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Dr. Taia Wang is an Assistant Professor of Medicine and of Microbiology and Immunology with research aimed at defining mechanisms in human immunity and disease. The Wang laboratory uses in vivo and in vitro systems to study how antibodies can modulate viral infections or anti-viral vaccine responses through signaling interactions with Fc gamma receptors (FcγRs). The overarching goal of projects in the Wang lab is to elucidate FcγR pathways that can be harnessed towards the development of enhanced vaccines and therapeutics. Dr. Wang obtained M.D. and Ph.D. training at Mount Sinai School of Medicine. Her Ph.D. training focused on mechanisms in immunity against influenza viruses (P. Palese). Following this training, she completed postdoctoral research at the Rockefeller University where she studied human IgG and FcγR biology in the Laboratory of Molecular Genetics and Immunology (J. Ravetch). During this time she also undertook formal training in clinical research, earning a Masters of Science in Clinical Investigation at The Rockefeller University. The Wang laboratory's work on viral immunity and disease pathogenesis has been recognized with several awards including the Searle Scholar’s Award and the Burroughs Wellcome Fund Investigator Award for Investigators in the Pathogenesis of Infectious Disease. Dr. Wang is also the recipient of a Bravo Family Junior Faculty Endowment.SARS-CoV-2, dengue viruses, influenza viruses, disease pathogenesis, influenza virus vaccines
Major goal: To define how IgG Fc glycoforms are regulated in vivo.
Major goal: To define the role of FcγRIIIa in antibody-dependent enhancement of dengue infections.
Major goal: To define Fc-Fc receptor interactions that are essential for immunity against influenza and dengue viruses.
Major goal: This work will define mechanisms for enhancing the durability of passive immunization of neonates
Impact of Initial Influenza Exposure on Immunity in Infants
Major Goals: To define the role of antibodies in broad protection against influenza viruses
Major Goals: PROJECT 3: To determine whether specific forms of IgG antibodies predispose to severe dengue disease during infection.
Major Goals: Defining adaptive and innate immunity, memory and repertoire in vaccination and infection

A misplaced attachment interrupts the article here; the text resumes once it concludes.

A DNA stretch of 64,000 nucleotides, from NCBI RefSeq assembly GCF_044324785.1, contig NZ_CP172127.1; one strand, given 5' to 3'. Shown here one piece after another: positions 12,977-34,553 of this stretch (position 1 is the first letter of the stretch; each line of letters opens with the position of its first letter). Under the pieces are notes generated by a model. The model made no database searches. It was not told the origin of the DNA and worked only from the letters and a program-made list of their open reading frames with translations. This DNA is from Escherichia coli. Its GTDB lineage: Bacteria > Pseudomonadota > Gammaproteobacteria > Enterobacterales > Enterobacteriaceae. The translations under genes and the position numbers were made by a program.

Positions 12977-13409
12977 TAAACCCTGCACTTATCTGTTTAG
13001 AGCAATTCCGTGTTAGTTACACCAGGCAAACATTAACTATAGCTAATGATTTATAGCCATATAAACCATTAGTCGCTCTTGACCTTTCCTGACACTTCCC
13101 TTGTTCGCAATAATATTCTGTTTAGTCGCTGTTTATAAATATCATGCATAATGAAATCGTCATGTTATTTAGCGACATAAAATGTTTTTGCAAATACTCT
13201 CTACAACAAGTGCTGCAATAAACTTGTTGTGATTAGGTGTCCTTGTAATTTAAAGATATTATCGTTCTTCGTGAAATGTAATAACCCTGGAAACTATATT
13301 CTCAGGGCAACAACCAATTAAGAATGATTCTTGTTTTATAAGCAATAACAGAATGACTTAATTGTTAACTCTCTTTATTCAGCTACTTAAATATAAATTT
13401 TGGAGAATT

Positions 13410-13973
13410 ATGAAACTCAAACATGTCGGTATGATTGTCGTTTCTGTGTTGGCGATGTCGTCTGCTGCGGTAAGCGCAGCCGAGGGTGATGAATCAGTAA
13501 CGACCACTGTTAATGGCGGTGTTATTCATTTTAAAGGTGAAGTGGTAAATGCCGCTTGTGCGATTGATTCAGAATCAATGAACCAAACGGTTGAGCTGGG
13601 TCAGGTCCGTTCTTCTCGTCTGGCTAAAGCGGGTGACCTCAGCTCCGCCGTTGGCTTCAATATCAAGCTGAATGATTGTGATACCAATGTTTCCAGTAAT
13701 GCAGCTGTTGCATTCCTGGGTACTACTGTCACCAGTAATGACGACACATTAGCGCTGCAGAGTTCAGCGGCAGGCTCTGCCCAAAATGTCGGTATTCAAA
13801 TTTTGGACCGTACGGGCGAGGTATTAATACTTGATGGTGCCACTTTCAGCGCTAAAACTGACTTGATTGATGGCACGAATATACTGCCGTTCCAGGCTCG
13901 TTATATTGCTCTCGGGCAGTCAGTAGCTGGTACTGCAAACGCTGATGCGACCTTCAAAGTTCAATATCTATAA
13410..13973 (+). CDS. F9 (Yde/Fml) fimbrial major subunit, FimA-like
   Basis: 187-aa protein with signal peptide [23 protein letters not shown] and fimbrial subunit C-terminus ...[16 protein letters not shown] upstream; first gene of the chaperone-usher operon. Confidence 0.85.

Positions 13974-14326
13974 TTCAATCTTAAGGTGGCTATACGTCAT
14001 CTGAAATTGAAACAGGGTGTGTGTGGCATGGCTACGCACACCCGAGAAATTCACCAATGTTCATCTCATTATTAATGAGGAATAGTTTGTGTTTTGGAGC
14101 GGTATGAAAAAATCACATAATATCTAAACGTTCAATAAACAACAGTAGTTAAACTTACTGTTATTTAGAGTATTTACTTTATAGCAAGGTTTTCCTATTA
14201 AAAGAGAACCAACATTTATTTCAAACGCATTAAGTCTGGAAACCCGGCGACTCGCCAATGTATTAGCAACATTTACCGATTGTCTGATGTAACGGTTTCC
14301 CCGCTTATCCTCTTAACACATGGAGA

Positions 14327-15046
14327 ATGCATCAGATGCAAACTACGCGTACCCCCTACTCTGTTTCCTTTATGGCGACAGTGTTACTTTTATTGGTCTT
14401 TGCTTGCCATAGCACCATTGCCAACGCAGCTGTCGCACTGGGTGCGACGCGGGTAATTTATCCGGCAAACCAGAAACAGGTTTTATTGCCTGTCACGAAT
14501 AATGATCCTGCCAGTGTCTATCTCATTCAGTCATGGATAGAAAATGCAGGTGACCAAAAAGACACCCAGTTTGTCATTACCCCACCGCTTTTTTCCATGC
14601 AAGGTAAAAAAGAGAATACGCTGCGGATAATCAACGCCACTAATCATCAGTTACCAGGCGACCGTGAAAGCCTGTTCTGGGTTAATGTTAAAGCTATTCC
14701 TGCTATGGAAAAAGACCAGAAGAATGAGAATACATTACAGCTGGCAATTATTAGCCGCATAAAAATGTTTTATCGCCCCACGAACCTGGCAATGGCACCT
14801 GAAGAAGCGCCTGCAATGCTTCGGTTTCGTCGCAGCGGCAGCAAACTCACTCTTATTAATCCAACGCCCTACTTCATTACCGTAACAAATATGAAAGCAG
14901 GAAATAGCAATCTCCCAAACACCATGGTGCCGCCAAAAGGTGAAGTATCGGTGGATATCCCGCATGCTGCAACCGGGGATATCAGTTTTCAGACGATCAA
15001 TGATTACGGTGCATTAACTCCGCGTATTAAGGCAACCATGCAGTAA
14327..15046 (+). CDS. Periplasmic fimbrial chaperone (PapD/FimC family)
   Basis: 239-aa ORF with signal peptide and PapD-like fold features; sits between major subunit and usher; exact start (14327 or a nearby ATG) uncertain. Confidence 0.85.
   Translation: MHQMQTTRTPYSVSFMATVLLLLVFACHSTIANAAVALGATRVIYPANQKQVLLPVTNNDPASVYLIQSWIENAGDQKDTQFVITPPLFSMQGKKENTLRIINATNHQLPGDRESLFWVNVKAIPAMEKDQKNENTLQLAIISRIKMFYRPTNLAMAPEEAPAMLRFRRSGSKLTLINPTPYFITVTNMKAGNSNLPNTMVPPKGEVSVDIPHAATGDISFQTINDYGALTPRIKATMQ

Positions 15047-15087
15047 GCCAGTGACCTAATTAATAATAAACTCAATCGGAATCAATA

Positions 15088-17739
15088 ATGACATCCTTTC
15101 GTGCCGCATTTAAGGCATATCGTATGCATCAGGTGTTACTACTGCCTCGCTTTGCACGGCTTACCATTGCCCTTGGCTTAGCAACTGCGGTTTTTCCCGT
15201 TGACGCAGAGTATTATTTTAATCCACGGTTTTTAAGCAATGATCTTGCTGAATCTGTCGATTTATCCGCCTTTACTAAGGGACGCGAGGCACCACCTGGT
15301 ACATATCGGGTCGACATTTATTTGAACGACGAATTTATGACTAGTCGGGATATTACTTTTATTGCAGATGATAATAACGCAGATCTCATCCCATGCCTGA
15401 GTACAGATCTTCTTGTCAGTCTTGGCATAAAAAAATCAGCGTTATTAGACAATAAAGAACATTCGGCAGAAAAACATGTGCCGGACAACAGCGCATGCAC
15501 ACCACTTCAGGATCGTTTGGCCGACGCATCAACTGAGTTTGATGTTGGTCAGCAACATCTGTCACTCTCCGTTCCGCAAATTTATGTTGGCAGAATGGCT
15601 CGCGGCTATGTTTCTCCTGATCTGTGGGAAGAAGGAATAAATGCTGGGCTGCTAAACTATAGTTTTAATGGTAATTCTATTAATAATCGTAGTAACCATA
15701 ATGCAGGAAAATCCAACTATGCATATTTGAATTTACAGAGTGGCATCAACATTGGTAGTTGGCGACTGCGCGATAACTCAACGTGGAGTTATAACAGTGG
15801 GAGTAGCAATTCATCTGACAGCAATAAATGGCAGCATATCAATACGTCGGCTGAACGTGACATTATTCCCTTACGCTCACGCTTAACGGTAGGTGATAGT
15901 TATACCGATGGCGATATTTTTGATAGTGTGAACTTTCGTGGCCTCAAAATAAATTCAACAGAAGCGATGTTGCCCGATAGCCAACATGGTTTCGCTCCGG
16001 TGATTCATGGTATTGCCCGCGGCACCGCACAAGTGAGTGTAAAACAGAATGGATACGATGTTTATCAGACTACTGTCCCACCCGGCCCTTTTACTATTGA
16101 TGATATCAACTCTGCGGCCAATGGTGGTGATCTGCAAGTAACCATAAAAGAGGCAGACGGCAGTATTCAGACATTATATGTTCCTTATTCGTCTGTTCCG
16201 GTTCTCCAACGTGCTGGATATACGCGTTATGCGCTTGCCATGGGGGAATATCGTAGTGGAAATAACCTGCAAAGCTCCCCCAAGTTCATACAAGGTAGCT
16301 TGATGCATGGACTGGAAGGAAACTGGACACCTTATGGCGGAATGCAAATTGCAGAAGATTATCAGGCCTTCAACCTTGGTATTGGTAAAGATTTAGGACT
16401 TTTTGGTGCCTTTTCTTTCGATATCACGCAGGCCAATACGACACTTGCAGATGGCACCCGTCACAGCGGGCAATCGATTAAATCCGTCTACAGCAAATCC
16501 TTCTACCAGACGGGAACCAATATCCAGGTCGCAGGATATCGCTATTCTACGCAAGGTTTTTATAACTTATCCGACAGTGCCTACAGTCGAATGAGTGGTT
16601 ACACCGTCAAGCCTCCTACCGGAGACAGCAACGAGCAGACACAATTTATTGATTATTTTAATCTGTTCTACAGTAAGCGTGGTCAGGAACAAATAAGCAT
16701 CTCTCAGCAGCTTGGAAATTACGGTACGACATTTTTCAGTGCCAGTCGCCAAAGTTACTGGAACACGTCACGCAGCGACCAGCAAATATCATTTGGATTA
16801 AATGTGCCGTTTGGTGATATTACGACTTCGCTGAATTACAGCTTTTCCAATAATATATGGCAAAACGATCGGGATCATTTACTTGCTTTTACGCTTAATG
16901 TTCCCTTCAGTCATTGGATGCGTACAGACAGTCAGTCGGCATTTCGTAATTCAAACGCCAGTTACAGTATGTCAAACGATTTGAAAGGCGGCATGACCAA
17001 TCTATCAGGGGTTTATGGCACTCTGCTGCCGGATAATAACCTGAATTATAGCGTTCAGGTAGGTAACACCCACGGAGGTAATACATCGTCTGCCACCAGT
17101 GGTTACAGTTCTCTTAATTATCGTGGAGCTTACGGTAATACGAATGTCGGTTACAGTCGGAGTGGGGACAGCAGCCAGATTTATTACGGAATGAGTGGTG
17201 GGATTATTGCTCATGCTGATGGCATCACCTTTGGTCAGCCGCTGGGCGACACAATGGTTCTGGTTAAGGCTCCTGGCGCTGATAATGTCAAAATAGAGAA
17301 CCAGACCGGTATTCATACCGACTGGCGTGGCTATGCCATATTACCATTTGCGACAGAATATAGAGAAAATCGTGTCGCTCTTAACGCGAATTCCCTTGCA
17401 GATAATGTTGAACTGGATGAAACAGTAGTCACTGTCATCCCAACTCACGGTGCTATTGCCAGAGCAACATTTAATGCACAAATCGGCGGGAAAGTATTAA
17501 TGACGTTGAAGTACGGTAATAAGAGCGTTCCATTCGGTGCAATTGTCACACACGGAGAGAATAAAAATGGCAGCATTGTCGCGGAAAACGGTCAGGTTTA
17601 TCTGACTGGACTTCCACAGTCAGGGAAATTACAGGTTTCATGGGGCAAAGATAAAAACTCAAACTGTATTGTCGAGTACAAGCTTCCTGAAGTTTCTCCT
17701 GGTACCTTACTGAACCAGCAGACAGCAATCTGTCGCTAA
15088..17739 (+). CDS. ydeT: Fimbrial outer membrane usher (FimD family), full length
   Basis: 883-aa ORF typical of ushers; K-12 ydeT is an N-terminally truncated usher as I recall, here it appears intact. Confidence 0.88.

Laboratory of Mechanisms in Human Immunity and Disease PathogenesisAntibodies are a critical component of host defense. While the importance of humoral immunity has been recognized for decades, substantial gaps in knowledge remain around how antibodies function, and how their function is regulated, in vivo. Our laboratory performs studies designed to fill in these gaps, with the goal of enabling new vaccine and therapeutic strategies to prevent human disease. My interest in this area culminated from training in medicine, RNA virus biology (PhD), and molecular antibody biology (postdoctoral training). The intersection of these topics, viral immunity and disease pathogenesis, is the focus of our work. The essential question driving our research is why a small subset of people develop severe or fatal disease during viral infection while most infections result in a subclinical or mild outcome, even in at-risk populations. Our hypothesis is that the antibody signaling pathways that are engaged during viral infection through Fc gamma receptors (FcγRs) are a key driver of these distinct outcomes. We are focused on several major unknowns to address this hypothesis: How are antibody effector functions regulated in vivo and does this change in disease? How do distinct signaling pathways engaged by IgG immune complex-FcγR interactions impact host cell genetic regulation and the ultimate inflammatory/immune response? What are the tissue-specific functions that antibodies engage? How does the heterogeneity in post-translational modifications (PTMs) of human antibodies contribute to heterogeneity in viral immunity?Current clinical studies:Recruiting:An Open Label Study of IgG Fc Glycan Composition in Human ImmunityPrincipal Investigator: Taia T. Wang, MD, PhDClinicalTrials.gov Identifier:NCT01967238